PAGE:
Archive | October, 2010

Julia Archibald Holmes

28 Oct

On August 4, 1858, Holmes became the first woman* to climb Pikes Peak, as well as the first woman to climb a mountain over 14,000 feet high. It was another 23 years before a woman climbed another peak that high.

Holmes’s adventure began when her new husband and several miner trekked over 500 miles from Lawrence, Kansas to the Central City gold fields. She first saw the peak June 28, 1858 and wrote about her first sighting. She said:

“This day we obtained the first view of the summit of the Peak, now some seventy miles away. As all expected to find precious treasure near this wonderful Peak, it is not strange that our eyes were often strained by gazing on it. The summit appeared majestic in the distance, crowned with glistening white.”

Holmes was 20 years old at the time and climbed the mountain wearing bloomers, which was considered a great scandal at the time. Bloomers were a symbol of women’s liberation at the time, comparable to a woman burning her bra in the 1970s.

It took four days to reach the summit. Holmes and her husband continued on their journey. They didn’t find any gold and moved to New Mexico, where they spent several years. Holmes is a known abolitionist and suffragette.

*In some of my research, Holmes was described as the first white woman to ever climb Pikes Peak, but I could find no record of a woman of color climbing the mountain before her. If anyone has more information on this, I’d love to here it!




A Common Stereotype

28 Oct

While conducting research for a study on cultural definitions of female athletes, I found one of the most common misperceptions of female athletes is that they are all lesbians. This belief is fueled by the cultivated idea that female athletes to too aggressive, too muscular, too masculine. Essentially, female athletes are accused of suffering from a severe case of what is typically called “penis envy” because they play “men’s games.”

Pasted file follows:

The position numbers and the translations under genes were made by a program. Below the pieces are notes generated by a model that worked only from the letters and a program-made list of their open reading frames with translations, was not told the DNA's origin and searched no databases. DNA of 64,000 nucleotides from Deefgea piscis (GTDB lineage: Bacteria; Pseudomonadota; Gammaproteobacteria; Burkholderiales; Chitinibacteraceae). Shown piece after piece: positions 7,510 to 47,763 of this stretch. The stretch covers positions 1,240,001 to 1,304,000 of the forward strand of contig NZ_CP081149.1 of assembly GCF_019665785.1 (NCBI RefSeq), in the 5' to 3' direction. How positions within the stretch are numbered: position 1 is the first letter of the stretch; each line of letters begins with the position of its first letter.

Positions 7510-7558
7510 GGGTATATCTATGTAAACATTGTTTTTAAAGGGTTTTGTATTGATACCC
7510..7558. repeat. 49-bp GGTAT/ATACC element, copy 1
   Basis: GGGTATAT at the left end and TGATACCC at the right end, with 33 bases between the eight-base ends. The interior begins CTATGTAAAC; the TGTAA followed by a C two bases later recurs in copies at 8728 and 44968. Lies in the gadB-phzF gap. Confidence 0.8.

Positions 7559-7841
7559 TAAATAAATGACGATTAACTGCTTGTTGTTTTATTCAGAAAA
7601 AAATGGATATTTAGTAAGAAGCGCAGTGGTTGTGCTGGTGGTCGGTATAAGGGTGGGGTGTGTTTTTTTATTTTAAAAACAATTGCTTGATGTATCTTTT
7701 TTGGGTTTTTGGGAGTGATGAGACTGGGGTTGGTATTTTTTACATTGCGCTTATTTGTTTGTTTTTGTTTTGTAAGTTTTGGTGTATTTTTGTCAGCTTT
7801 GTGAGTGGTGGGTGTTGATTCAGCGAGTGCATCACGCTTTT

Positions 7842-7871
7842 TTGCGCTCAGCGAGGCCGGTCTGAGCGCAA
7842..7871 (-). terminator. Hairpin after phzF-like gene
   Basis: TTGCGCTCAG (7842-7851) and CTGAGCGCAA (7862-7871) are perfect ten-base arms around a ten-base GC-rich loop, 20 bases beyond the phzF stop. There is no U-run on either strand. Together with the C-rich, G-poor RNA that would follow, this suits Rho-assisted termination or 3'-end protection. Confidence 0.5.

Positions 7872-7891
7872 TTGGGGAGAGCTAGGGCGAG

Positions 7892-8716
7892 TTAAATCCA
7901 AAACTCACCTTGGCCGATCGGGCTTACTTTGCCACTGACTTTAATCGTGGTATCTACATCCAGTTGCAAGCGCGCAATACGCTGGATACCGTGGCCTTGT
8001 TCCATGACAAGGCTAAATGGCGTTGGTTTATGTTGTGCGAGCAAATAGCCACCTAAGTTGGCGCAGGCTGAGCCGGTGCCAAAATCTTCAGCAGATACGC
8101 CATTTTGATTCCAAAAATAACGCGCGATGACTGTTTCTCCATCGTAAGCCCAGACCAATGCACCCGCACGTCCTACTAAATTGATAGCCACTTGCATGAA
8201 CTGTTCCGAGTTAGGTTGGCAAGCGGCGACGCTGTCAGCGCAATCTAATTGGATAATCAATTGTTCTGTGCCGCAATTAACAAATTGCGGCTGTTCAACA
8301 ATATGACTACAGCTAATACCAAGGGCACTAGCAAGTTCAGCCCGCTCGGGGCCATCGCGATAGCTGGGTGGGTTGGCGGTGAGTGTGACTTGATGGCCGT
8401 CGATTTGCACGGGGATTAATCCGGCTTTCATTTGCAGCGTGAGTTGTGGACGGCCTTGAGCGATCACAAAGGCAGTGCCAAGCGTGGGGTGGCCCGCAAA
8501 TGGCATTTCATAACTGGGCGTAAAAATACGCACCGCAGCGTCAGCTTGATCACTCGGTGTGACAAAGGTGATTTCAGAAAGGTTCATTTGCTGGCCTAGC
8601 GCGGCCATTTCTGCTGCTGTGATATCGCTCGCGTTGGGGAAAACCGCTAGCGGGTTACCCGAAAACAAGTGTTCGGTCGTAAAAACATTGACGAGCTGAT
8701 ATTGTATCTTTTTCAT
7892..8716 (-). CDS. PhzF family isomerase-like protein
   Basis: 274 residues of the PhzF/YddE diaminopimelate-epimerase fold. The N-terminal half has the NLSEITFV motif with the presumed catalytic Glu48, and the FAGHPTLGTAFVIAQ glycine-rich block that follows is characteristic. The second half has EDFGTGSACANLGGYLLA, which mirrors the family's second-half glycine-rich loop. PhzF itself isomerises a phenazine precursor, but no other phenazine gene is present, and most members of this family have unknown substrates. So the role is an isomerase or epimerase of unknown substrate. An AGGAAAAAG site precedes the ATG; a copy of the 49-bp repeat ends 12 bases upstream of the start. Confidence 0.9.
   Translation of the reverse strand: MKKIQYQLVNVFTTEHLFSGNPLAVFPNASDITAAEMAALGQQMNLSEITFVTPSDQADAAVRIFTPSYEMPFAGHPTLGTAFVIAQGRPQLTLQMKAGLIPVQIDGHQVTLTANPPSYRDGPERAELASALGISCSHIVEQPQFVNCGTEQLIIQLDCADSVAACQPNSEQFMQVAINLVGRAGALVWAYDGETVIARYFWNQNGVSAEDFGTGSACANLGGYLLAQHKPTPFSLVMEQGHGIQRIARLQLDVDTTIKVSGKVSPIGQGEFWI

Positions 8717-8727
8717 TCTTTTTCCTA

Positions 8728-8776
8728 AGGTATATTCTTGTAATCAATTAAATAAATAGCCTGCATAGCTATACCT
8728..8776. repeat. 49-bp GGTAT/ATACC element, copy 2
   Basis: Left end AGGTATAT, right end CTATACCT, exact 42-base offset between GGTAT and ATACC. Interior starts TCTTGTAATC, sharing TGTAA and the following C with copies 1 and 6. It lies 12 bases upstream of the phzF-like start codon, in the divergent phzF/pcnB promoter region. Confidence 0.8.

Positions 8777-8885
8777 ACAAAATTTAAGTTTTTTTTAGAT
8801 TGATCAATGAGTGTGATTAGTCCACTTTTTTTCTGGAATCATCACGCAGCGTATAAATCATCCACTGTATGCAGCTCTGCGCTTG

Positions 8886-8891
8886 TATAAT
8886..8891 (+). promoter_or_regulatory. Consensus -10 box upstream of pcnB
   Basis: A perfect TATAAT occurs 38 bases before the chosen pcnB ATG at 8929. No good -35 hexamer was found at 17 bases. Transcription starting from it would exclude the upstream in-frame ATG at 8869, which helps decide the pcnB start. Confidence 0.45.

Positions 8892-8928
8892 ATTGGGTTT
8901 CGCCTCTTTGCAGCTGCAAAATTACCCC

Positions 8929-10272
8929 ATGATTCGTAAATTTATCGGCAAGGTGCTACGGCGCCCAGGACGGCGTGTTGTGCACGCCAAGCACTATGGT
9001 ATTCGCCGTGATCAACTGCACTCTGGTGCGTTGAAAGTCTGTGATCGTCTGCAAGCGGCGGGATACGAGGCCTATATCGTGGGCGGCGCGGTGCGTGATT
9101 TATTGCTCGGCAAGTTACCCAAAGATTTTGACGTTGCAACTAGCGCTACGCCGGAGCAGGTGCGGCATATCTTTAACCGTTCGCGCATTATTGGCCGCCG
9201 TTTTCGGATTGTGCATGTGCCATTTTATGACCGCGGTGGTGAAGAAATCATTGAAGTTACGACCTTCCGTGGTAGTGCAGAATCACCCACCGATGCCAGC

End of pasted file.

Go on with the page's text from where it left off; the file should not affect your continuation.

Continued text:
It’s no secret that men and women are not treated equally in athletics, but why has our culture decided that the sexuality of female athletes is an important mode of defining the female athlete as a whole? Sexuality is rarely, if ever, part of the media coverage male athletes receive.

The way I see it, the stereotyping of female athletes as (again, stereotyped) lesbians is a way of explaining  and dismissing their talents. The idea of a woman being gifted athletically is waved away, since now, instead of their talent being attributed to hard work and dedication, it is their closeted masculinity that makes them great.

Vincent’s Hope for Equality

26 Oct

I just finished John Vincent’s article, “Equitable Media Coverage of Female and Male Athletes: Is There a Solution?

In his article, Vincent gauges the media coverage of both sexes using several factors. These include: the amount of coverage for “acceptable” female sports (such as gymnastics) and “unacceptable” female sports (field hockey, for example).

The nature of acceptance for a sport a woman plays is directly correlated to the societal norms of femininity. Sports that maintain feminine qualities in an athlete receive more media attention than sports where the woman’s athleticism is considered culturally “masculine.”

Another factor was the hypersexualized or otherwise demeaning portrayal of female athletes when they do receive coverage. Portrayal of the athletes in this way cancels out any coverage otherwise intended to be positive.

Vincent also gauges coverage by studying that of male athletes, where their athletic prowess is revered, and they are not objectified.

Vincent concludes that media is largely responsible for shaping the beliefs of adults and parents who go on to pass such beliefs to their children. Impressionable youth adopt these media portrayals of gender through their parents and through the media, perpetuating the cycle of discrimination for another generation. Also in his conclusion, Vincent encourages parents to expose their daughters to a healthy lifestyle, encouraging female athleticism and minimal consumption of fast food.

While Vincent’s guidelines for working towards more equitable media coverage were good and realistic, I was a bit disappointed by his conclusion. I agree that media shapes the opinions of the consumer, and such opinions reach younger consumers through their parents. Vincent’s suggestion to expose daughters to athletic role models and encourage female strength and athleticism was also good.

What disappointed me was that, according to his conclusion, young males do not need to learn this same information. The merits of female athleticism and more positive coverage cannot happen without help from the dominant group, in this case men. Like in most cases of oppression: white privilege, heterosexual privilege, etc., the dominant group is unaware of the oppressive cycle. It is of vital importance that both sexes, especially men, receive the proper cultural conditioning that could enforce a more equal society.